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Osteoarthritis of the knee

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  1. Jul 30, 2012

    Description

    Osteoarthritis (OA) of the knee is a complex disorder resulting from biomechanical and biochemical changes in the joint leading to progressive loss of articular hyaline cartilage, as well as alterations of the synovium, joint capsule and other connective tissue and underlying subchondral bone.  OA leads to clinical manifestations of joint stiffness, pain, limitation in the range of motion and functional alteration.  It is the most common form of arthritis affecting the knee and is not associated with any systemic symptoms.

    It is divided in two types:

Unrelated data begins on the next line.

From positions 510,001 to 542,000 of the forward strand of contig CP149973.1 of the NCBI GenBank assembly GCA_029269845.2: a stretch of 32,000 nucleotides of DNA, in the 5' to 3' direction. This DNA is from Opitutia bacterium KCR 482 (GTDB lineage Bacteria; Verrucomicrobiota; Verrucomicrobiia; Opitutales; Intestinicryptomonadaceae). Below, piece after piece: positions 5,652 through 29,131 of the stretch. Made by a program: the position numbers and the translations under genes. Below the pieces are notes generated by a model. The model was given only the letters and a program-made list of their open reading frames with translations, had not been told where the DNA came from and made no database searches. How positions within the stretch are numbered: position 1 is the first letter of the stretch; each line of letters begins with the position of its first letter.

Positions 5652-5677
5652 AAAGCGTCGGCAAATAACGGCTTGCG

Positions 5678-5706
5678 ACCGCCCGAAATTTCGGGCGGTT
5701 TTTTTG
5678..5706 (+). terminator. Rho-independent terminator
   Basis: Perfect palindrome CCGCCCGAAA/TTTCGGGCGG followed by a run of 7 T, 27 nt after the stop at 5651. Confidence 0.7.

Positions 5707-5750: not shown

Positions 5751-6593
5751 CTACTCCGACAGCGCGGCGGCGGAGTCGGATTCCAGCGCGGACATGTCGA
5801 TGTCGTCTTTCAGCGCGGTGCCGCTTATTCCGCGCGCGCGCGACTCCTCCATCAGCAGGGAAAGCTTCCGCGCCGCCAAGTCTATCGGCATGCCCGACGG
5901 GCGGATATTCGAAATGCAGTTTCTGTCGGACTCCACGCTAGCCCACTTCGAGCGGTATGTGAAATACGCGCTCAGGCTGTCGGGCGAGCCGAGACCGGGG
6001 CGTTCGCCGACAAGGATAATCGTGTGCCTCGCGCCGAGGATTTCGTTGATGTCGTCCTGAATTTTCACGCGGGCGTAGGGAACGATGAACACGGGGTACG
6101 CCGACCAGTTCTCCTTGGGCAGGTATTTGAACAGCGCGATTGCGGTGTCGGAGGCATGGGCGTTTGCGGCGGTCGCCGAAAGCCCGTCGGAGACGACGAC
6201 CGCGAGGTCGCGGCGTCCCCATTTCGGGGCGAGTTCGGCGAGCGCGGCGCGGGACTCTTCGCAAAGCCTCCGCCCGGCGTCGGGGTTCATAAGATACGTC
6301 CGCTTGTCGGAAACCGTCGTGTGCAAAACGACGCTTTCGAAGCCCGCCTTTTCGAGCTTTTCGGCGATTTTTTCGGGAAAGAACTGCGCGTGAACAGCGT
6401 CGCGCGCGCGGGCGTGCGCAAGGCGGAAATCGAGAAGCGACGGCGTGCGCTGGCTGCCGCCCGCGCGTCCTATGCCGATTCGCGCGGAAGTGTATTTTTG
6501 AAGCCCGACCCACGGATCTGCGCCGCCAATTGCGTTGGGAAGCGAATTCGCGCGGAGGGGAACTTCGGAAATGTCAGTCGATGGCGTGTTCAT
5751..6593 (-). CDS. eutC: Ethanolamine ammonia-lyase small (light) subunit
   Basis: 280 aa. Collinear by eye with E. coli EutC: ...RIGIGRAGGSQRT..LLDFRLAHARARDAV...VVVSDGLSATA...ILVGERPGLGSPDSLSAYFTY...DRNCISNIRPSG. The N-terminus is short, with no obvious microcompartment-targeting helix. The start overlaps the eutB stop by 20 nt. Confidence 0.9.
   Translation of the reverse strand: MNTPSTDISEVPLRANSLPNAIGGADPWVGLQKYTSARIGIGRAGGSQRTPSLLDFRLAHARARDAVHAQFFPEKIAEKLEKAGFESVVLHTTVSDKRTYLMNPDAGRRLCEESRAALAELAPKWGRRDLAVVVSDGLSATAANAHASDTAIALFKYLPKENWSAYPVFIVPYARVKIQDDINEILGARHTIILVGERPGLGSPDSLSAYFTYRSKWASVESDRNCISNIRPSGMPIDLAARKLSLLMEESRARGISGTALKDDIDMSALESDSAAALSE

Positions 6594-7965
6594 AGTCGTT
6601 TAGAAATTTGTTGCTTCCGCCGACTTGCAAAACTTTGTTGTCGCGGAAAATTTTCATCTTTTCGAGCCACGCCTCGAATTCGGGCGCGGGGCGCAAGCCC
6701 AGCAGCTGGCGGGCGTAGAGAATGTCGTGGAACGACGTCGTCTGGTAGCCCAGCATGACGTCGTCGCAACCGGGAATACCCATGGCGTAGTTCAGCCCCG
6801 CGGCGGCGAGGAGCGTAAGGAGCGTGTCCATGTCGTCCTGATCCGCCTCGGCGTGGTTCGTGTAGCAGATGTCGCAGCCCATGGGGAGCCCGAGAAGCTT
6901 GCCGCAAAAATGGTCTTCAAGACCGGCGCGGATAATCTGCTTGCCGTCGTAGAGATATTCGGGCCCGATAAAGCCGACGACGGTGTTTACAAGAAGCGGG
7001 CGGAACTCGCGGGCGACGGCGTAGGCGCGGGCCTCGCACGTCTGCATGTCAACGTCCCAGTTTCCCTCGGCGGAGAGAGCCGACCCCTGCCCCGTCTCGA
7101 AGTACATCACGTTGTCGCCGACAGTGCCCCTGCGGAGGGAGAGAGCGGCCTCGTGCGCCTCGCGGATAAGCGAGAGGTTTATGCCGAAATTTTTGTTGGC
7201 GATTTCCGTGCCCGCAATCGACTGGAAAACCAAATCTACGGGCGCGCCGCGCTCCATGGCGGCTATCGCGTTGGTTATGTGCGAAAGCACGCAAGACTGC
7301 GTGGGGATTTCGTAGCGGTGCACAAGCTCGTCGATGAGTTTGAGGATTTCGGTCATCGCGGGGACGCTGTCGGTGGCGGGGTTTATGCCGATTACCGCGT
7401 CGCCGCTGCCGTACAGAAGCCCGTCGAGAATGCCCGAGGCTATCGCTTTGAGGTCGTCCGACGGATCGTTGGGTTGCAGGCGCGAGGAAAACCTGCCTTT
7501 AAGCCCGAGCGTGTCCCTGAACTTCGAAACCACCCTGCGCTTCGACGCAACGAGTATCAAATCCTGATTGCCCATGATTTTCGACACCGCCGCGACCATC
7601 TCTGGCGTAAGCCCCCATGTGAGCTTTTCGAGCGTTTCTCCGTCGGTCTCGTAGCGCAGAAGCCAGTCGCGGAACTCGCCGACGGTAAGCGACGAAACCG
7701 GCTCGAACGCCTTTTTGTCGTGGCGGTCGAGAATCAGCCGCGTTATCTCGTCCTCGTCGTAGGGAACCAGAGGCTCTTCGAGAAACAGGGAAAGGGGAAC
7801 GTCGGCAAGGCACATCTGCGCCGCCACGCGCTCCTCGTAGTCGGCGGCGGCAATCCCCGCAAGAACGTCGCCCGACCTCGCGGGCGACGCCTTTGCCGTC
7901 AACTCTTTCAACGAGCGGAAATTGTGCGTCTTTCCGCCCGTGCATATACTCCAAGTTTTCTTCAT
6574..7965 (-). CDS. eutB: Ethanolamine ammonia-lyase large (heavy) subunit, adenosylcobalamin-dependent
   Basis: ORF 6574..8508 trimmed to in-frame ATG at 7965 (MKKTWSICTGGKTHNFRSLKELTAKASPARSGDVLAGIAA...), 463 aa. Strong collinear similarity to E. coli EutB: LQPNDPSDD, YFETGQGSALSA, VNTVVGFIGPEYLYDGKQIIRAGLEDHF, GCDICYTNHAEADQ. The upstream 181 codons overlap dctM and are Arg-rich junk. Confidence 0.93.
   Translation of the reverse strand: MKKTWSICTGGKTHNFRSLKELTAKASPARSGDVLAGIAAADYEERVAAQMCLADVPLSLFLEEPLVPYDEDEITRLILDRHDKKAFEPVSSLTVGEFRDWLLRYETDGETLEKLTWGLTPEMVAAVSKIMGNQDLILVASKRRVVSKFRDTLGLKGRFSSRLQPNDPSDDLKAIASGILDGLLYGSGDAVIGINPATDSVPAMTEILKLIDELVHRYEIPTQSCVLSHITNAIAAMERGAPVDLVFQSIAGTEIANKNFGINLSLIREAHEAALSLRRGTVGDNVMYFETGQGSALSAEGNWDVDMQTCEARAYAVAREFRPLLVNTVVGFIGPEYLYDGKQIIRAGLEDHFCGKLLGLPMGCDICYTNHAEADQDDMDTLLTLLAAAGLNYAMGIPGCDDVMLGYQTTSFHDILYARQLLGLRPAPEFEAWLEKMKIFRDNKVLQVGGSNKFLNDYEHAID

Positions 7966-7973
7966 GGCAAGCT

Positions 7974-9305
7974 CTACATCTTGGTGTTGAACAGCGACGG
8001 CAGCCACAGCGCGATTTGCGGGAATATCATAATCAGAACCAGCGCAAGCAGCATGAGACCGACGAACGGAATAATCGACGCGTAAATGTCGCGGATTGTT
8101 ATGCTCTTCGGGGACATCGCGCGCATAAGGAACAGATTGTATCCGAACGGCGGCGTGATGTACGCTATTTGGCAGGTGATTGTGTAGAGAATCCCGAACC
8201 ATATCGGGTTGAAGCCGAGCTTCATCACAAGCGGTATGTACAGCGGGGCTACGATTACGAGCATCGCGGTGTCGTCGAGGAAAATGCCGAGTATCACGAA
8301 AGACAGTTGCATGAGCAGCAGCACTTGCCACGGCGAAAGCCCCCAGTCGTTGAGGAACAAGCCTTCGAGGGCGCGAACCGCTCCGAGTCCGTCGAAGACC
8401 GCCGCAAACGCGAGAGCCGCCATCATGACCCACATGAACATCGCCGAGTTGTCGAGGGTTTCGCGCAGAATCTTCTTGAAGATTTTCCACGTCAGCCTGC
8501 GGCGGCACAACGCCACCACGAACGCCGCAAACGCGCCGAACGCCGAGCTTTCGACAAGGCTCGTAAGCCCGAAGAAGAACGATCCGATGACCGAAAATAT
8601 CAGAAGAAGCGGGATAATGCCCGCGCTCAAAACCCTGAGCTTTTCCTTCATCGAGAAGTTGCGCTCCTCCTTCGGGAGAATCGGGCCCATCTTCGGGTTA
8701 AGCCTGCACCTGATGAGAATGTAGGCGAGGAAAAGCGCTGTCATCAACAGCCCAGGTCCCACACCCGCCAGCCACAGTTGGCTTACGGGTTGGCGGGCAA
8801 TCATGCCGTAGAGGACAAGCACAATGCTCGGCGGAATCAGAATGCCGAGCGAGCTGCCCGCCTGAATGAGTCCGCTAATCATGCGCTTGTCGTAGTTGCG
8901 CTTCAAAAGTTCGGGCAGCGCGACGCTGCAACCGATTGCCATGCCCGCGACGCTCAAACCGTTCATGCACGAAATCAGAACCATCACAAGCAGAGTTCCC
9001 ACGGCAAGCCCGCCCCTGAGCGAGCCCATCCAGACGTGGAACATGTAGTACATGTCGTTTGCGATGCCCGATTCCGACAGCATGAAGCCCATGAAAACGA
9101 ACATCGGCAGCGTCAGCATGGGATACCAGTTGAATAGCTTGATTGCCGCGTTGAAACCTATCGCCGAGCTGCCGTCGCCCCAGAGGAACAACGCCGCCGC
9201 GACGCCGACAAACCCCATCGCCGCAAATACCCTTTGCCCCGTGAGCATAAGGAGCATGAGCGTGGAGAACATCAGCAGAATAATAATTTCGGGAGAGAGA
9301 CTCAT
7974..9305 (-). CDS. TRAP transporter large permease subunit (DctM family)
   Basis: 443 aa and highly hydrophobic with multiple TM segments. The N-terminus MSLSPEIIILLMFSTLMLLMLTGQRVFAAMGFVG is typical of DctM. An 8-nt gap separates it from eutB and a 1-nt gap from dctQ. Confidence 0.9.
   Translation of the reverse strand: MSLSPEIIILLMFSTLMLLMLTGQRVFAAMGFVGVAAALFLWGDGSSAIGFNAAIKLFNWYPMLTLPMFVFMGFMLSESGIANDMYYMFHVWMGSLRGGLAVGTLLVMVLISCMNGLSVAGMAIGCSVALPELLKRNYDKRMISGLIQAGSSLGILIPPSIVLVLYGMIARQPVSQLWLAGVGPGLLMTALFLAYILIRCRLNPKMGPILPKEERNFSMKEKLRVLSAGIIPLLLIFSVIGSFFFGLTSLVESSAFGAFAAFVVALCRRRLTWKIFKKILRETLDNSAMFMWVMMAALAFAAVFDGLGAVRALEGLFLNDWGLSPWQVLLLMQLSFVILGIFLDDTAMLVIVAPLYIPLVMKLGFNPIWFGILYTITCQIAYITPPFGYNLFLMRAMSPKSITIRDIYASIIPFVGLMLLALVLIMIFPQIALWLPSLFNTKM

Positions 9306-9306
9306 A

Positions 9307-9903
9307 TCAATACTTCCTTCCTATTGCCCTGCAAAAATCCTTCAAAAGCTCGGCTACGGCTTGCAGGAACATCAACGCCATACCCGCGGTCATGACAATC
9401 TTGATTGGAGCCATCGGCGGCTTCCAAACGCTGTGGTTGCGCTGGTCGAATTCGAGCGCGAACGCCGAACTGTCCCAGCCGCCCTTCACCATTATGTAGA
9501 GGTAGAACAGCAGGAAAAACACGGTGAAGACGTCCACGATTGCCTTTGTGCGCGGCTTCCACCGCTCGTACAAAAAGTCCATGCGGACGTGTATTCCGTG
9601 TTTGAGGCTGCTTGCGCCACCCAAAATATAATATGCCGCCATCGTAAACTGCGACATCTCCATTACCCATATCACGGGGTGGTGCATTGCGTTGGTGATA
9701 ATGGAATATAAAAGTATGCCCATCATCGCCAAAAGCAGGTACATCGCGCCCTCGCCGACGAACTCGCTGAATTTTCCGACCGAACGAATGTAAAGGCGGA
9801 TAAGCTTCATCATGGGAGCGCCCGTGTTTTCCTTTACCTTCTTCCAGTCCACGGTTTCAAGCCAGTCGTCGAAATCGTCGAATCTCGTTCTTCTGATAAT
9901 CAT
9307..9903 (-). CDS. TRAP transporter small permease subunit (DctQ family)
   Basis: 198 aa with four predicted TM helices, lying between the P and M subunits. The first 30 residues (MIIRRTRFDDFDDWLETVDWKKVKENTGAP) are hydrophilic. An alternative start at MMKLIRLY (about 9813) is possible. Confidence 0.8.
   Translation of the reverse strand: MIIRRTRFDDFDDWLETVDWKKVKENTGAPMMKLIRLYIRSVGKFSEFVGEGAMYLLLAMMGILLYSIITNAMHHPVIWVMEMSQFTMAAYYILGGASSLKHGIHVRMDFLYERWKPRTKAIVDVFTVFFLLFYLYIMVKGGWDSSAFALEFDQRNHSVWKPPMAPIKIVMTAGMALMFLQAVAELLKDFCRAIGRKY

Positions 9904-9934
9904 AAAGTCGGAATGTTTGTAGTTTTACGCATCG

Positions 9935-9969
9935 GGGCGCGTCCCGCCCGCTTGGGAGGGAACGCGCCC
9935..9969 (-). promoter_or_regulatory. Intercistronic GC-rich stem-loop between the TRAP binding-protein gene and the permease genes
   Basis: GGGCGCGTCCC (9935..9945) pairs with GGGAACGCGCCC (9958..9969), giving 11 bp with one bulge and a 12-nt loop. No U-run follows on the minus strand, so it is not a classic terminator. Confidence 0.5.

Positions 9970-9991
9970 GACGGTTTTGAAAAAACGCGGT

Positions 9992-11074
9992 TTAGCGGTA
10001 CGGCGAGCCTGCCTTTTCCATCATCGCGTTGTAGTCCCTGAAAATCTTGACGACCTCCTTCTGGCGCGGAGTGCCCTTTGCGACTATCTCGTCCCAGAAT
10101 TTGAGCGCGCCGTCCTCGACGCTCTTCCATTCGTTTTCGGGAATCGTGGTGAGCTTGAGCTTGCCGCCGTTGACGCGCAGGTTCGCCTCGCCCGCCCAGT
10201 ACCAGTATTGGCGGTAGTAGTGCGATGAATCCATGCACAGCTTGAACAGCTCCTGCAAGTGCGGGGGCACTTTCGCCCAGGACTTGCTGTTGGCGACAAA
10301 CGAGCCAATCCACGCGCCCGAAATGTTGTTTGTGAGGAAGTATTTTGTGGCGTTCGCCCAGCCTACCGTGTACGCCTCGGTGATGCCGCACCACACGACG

- primary OA (related to aging, genetic predisposition)

             - secondary OA (as a result of an injury, overuse or inflammatory                                                      conditions).

    Clinical Manifestations

      

    Older age and abnormally elevated bone mass index are risk factors for the development of OA of the knee. 

     The major symptom of OA is pain which is localized to the knee. It is exacerbated by activity, and is relieved by rest.  Patient experiences pain when rising from a seated position, which may be aggravated with climbing stairs or bending the knee. As the disease progresses, pain may occur at rest, and during the night. Some patients can experience pain with weather changes.

    Stiffness upon awakening or after a prolonged period of rest is a common complaint (gelling phenomenon). It usually lasts for less than half an hour and is relieved with activity. Patients can sometimes experience an acute flare of symptoms, manifested by worsening pain and joint swelling.  However, an abrupt onset of warmth, erythema or swelling of the joint should prompt a search for additional causes of symptoms (gout, pseudogout, trauma, infection) and should warrant consideration of an arthrocentesis.